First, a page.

Blogging Competition Internet marketing Marketing Media Montana Positioning Real Estate Social Media Technology Web 2.0

Why don’t real estate agents take their websites seriously?

I’m working on an article for the Flathead Beacon (the local paper where my business column runs) about small business websites.

The article is actually the first a series that I’m doing, looking at niches one at a time. The first niche I’m covering is real estate agent / real estate broker websites in the local area.

Night Shot
photo credit:

I get the idea that a lot of these businesses really don’t take their website seriously. Given that we live in a resort area outside of Glacier National Park, you can’t just assume that because the locals don’t care (a mistaken assumption, I think) that your site doesn’t matter.

I looked 15-20 different real estate websites.

What I found

  • There are a few real estate service bureaus that tend to create most of the sites (yes, there are exceptions). You can tell because the sites of several real estate companies that compete with one another are being serviced by the same out of town web service. The layouts are the same except for color and a few graphics. The site structure is identical across several competitors. Where is the competitive advantage from using a template website that 12 other Realtors are using?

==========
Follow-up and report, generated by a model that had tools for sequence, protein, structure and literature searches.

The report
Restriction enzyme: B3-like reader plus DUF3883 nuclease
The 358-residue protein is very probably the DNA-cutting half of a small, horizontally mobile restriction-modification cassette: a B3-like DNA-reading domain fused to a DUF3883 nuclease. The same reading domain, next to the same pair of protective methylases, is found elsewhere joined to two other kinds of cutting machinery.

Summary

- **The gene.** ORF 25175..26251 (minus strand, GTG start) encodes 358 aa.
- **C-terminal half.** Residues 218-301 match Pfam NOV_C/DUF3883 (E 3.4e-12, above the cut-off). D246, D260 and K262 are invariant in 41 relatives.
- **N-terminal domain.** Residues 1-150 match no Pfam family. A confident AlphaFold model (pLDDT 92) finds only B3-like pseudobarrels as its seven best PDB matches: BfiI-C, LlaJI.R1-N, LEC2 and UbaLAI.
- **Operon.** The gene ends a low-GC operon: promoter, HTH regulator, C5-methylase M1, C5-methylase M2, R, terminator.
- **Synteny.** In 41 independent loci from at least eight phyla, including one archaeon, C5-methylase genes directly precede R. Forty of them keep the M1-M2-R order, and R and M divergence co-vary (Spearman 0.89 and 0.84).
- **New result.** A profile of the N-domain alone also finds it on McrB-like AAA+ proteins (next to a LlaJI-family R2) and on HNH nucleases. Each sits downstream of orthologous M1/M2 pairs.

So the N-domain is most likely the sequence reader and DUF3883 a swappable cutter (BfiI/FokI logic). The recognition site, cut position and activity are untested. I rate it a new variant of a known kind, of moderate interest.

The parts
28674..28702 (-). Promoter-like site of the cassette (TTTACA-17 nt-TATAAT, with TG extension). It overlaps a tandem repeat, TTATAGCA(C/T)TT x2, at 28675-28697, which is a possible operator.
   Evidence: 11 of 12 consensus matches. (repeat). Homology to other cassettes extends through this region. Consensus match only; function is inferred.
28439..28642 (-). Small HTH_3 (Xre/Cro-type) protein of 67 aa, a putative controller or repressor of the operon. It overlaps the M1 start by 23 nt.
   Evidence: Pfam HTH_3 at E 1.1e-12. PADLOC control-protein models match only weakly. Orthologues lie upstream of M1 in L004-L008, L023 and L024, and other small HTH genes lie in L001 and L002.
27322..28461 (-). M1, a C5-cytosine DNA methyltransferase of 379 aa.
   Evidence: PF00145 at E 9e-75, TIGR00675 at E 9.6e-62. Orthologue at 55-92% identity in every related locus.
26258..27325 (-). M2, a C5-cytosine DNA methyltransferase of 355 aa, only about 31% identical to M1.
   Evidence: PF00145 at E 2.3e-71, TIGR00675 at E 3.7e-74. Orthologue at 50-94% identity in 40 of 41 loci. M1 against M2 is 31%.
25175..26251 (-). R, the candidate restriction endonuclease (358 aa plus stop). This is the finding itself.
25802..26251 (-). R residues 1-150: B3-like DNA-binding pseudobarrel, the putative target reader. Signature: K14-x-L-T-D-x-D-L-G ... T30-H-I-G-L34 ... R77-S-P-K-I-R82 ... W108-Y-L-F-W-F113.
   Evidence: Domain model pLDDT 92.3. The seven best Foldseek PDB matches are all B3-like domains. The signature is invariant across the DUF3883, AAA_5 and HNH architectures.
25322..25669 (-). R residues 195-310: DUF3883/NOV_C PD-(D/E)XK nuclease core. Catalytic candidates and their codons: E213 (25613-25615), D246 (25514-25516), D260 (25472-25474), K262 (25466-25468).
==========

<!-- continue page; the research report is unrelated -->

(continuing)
• Most of the sites did not have curb appeal, something I would expect any real estate business to understand.
  • A few sites were exceptions, and the best looking sites were built by local web companies (how cool is that?)

All of these sites had a few critical things missing:

  • Almost no testimonials, and with one exception, the ones that did exist were weak, or years old (if they were dated). One notable exception that was fairly well done – Matthew Hohnberger’s – but even his testimonials could be improved (not the text, other things).
  • A lot of me, me, me – and not much focus on the prospective client.
  • No blog (one exception that didn’t motivate the reader to return, with no posts in almost 3 weeks)
  • No frequently asked questions. Help me buy. Help me sell. Establish your expertise before I make the call.
  • Almost no video. What video there was – came from their national organization. Homogenized corporate content that isn’t specific to Northwest Montana or even to your agency. If you’re an agent here in Montana, do you think I can drop an expert agent from Miami or Dallas here and have them know what to talk about? No. Any video is better than no video, but you need video of YOUR staff, talking about issues in THIS area.
  • No audio.
  • Very few photos – a few have photos but are monopolized by large unbroken paragraphs. Of the photos that were there, almost all were property or mountain view scenic shots. Only a few included a quality photo of the real estate agents. One included a photo of the sign on their building. Why is that interesting to someone looking to move to the Flathead, or buy/sell a home here?
  • No statement of specialties. “I specialize in finding homes for people with a heartbeat.” is not a specialty. I found a few that specialize in waterfront properties or property in certain areas, but none of them stepped out and said “This territory is mine and you are making a mistake if you work with someone else in my area of expertise.”